On Tue, 8 Dec 2009 13:51:47 -0800 (PST), mx wrote:

On Dec 8, 12:28*pm, "Lew Hodgett" wrote:
wrote:
Will all epoxies bond to one another?


There are two (2) types of bonding, chemical and mechanical.

Chemical bonding occurs when a follow up layer of resin is applied
over an epoxy surface that has not totally cured.

Mechanical bonding occurs when a layer of epoxy is applied over a
totally cured epoxy surface.

You appear to be describing old work, thus mechanical bonding will
apply.


The premade glass parts are old (one is "new" but was made at least 6
months ago). Their surfaces to be bonded are fairly rough, so should
give a half-way decent mechanical bond. The glass tape is to insure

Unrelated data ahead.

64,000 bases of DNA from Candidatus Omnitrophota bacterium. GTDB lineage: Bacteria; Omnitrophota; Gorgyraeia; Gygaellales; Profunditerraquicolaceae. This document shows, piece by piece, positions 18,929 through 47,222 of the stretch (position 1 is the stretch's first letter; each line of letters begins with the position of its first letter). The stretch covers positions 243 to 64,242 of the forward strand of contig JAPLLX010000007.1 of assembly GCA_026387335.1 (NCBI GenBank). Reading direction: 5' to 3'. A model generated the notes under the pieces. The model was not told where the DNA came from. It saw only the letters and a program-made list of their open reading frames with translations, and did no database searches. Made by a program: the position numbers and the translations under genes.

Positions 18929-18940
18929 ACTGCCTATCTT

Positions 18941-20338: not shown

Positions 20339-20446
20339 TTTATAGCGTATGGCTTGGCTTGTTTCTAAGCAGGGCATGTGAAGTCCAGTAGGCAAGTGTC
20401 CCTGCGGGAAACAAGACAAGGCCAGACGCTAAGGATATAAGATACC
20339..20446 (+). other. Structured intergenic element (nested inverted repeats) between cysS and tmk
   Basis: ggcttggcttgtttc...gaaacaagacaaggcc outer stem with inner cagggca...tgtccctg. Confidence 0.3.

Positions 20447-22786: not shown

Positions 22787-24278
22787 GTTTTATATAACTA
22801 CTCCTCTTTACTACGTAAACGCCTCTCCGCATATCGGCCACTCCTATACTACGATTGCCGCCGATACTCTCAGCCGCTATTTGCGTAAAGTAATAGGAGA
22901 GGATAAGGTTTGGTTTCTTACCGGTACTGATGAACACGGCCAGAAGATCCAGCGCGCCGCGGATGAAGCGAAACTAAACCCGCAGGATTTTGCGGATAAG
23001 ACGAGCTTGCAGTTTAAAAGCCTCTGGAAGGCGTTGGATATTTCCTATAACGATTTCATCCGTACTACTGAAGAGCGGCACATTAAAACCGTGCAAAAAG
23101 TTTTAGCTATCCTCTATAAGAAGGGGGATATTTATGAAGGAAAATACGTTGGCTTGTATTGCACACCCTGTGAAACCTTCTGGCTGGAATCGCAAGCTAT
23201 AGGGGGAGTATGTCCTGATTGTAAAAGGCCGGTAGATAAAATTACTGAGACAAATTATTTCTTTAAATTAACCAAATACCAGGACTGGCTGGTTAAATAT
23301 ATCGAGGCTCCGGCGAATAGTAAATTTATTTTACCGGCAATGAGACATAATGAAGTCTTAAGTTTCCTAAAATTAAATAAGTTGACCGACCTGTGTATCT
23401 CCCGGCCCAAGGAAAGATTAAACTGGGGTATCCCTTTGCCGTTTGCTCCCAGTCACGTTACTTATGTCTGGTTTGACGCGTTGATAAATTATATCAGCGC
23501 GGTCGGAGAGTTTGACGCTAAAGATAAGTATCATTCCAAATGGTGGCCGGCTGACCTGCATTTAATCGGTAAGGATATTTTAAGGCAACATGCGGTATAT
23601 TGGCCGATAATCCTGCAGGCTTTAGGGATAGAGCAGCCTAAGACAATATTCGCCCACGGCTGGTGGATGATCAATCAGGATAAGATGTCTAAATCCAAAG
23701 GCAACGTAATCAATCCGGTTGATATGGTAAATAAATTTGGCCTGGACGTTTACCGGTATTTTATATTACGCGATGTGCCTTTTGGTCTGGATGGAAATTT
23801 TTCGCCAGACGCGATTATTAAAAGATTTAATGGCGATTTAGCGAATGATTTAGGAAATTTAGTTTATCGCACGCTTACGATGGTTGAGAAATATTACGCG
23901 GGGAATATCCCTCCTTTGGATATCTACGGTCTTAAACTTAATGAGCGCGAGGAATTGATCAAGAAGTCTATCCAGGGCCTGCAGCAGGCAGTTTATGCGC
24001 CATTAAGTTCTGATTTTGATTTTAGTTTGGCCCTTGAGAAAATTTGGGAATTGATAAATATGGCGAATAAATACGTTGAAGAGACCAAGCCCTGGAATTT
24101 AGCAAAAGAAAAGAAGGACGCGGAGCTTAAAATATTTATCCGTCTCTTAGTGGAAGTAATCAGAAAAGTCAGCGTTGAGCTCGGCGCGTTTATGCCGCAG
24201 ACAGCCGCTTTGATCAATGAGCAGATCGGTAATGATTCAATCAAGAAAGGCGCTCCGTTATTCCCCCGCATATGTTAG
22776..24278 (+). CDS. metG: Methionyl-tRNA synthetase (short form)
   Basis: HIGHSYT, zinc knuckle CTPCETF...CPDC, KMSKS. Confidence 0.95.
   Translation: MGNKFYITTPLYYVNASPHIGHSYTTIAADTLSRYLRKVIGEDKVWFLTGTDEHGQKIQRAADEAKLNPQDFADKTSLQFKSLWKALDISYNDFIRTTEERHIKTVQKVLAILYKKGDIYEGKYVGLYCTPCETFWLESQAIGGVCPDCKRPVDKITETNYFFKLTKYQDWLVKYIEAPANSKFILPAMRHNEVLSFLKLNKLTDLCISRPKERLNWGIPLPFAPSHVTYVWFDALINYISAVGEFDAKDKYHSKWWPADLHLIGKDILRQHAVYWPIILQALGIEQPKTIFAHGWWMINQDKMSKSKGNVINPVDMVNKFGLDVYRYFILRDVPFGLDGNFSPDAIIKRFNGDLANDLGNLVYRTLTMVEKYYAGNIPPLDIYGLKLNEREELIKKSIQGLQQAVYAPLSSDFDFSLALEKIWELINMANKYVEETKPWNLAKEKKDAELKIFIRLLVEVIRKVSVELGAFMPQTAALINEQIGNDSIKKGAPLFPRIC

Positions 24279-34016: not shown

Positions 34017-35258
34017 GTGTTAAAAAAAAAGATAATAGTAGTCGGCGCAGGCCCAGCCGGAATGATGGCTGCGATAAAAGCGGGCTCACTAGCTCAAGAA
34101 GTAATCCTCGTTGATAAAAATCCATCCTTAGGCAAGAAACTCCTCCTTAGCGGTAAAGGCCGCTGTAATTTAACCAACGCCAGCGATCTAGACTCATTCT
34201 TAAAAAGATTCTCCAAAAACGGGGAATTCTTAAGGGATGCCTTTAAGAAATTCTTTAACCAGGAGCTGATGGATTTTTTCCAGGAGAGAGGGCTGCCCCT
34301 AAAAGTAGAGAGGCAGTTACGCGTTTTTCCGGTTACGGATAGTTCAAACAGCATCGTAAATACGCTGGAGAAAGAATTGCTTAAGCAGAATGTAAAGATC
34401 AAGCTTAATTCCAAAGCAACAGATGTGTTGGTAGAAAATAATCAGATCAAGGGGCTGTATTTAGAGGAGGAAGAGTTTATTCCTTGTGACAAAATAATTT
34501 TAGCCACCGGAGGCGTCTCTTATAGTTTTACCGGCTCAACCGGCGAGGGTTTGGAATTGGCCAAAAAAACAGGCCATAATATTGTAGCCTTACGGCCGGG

that the load is carried out over a large area of the old hull, since
its layup is not terribly thick.

But since I'm considering using 2 different epoxies for the fillet and
new cloth reinforcement, i was uncertain if they might be incompatible
in forming chemical bonds between the two new layers, or if it could
be assumed that any two common epoxies would stick to each other
chemically if the first layer is only partially cured.

Thanks,
Mike


Essentially "epoxy" is the same stuff, no matter where it comes from.
Certainly various sellers modify their product for some specific
purpose but basically they are all epoxy. So they will stick to each
other. Sand the old layer with a coarse sanding disk, wipe with
acetone and have at it.

Cheers,

Bruce
(bruceinbangkokatgmaildotcom)
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Old December 9th 09, 02:37 PM posted to rec.boats.building